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Orbitz Controversy: Tip Of Big Data Iceberg
Websites know which PC, phone, and browser you use. But ad networks and social sites today give marketers more information about you than ever before to better target advertising.
June 26, 2012
5 Min Read
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Were you shocked to learn that Orbitz is steering Mac users to pricier hotels? That's Online Targeting 101 compared to today's many big data options for learning more about you and your consumer behavior.
When The Wall Street Journal reported on Tuesday that Orbitz shows Mac users costlier travel options than those shown to Windows PC users, it caused a stir, spawning hundreds of follow-on stories, including a video segment on ABC's "Good Morning America."
Marketers usually claim that knowledge of the consumer helps them deliver more relevant and timely offers, but the disturbing factor in this case was that insight into Mac users--like the fact that their household incomes are $20,000 higher, on average, than those of Windows users--was used to steer them toward more expensive travel packages. Some would call that discrimination, but it hardly scratches the surface of the information that marketers can use to target advertising.
The basic information that marketers know about you as a site visitor includes your browser type, operating system, screen size, and monitor resolution. So they can spot a Mac user right away, and research shows that iPad and iPhone users are 17% more likely to purchase than users of other mobile devices.
[ Want more on how marketers learn about you? Read How To Get From CRM To Social. ]
Marketers also know what country, region, state, and city you live in, what site referred you, whether you used a search term, and whether you clicked on a promoted link on a search engine or another site.
If you've visited a particular commerce or publisher's site before, chances are you've been cookied. The cookie, of course, lets marketers know if you're a return visitor, what you looked at during your last visit, and your level of engagement, as indicated by the time spent on the site. They also know how long it has been since your last visit, how frequently you visit, and how deeply and frequently you've gone into a "conversion" funnel--whether you've actively shopped, subscribed, or whatever the conversion goal might be.
If you're a registered user of a site and you've made a purchase, you've likely shared your name and address. At that point there's a wealth of demographic and lifestyle data marketers can append from third-party marketing databases. Marketers then correlate all that with purchase history to establish and batch you into a finely targeted customer segment.
The basics of segmentation are recency, frequency, and monetary value of purchases. Frequent buyers who spend more than average are best customers. Infrequent buyers who are high spenders get coupons, emails, and other inducements to come back and shop again. Frequent buyers who spend less than average are sent upsell and cross-sell offers. Infrequent buyers who spend little get less attention.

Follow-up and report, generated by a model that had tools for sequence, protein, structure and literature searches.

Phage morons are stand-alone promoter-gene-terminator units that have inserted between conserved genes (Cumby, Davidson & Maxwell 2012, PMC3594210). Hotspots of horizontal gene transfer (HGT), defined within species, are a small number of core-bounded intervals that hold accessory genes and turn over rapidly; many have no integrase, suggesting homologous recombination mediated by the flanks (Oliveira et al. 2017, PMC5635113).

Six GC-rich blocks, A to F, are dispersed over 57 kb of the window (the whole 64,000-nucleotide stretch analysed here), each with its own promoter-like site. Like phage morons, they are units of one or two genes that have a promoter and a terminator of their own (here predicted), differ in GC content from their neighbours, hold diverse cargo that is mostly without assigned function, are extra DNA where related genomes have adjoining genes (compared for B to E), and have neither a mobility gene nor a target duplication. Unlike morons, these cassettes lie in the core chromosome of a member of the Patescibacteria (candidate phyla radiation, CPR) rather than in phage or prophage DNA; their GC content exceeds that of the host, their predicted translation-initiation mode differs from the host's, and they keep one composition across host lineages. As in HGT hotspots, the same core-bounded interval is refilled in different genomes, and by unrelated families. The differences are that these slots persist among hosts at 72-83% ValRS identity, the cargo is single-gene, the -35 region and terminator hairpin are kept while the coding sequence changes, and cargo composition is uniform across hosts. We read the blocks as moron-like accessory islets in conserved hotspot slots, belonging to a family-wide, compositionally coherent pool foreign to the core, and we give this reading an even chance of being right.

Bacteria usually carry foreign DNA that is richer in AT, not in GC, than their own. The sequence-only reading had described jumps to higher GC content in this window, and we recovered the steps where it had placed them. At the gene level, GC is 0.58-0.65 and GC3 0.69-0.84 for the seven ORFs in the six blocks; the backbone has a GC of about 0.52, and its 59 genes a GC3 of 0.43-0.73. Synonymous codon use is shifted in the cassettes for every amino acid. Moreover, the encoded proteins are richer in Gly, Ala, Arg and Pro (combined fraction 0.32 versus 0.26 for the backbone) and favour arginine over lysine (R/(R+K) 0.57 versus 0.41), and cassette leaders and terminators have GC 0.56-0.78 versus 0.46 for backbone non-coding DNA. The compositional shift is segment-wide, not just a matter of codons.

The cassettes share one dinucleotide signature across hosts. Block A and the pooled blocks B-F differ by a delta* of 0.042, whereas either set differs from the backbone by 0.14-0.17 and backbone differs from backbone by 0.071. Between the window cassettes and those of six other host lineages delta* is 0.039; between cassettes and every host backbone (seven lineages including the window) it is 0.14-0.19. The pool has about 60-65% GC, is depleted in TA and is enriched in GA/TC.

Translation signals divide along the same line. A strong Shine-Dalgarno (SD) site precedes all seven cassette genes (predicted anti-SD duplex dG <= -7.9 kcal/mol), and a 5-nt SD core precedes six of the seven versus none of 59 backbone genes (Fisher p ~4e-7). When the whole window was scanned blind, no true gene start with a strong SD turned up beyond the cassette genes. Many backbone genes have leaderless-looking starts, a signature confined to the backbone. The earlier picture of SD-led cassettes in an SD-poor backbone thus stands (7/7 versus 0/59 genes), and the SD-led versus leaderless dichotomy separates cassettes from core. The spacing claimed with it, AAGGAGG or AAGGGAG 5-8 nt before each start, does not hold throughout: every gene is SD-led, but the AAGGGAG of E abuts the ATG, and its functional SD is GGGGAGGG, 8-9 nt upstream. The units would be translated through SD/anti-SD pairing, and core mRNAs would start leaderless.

Yahoo's Interclick unit, for example, relies on massive parallel processing of millions of clickstreams each day to spot suitable targets for advertising offers. The more recent and frequent the behavior and the higher the value of the transaction, the more likely you are to see a related advertisement. So if you shopped on a car site yesterday, don't be surprised to see car ads on sports sites, news portals, or other seemingly unrelated sites today.
Facebook is, of course, at the center of consumer privacy debate because it can serve up unprecedented amounts of information, including age, gender, consumer preferences, likes, friends, and behavioral and psychographic information by way of an API. Marketers are actively tapping Facebook and other social networks by inviting you to use social network-enabled mobile applications, encouraging you to log into their site using your Facebook credentials, or otherwise asking permission to access your profile.
Groups like the Direct Marketing Association are quick to point out that marketers use information to deliver more timely and relevant offers that benefit consumers. Should we be surprised when information is used to show consumers premium goods or luxury hotels?
Of course, not everybody is looking for a bargain. After all, those Mac, iPad, and iPhone buyers could have purchased "equivalent" products for as little as one-third the price of their Apple products.
As for Orbitz, you might not be able to delete cookies from your browser to sidestep being identified as a Mac user, but you can click the "sort by price" button if you are price-sensitive.
At the Big Data Analytics interactive InformationWeek Virtual Event, experts and solution providers will offer detailed insight into how to put big data to use in ad hoc analyses, what-if scenario planning, customer sentiment analysis, and the building of highly accurate data models to drive better predictions about fraud, risk, and customer behavior. It happens June 28.
About the Author(s)
Executive Editor, Enterprise Apps
Doug Henschen is Executive Editor of InformationWeek, where he covers the intersection of enterprise applications with information management, business intelligence, big data and analytics. He previously served as editor in chief of Intelligent Enterprise, editor in chief of Transform Magazine, and Executive Editor at DM News. He has covered IT and data-driven marketing for more than 15 years.
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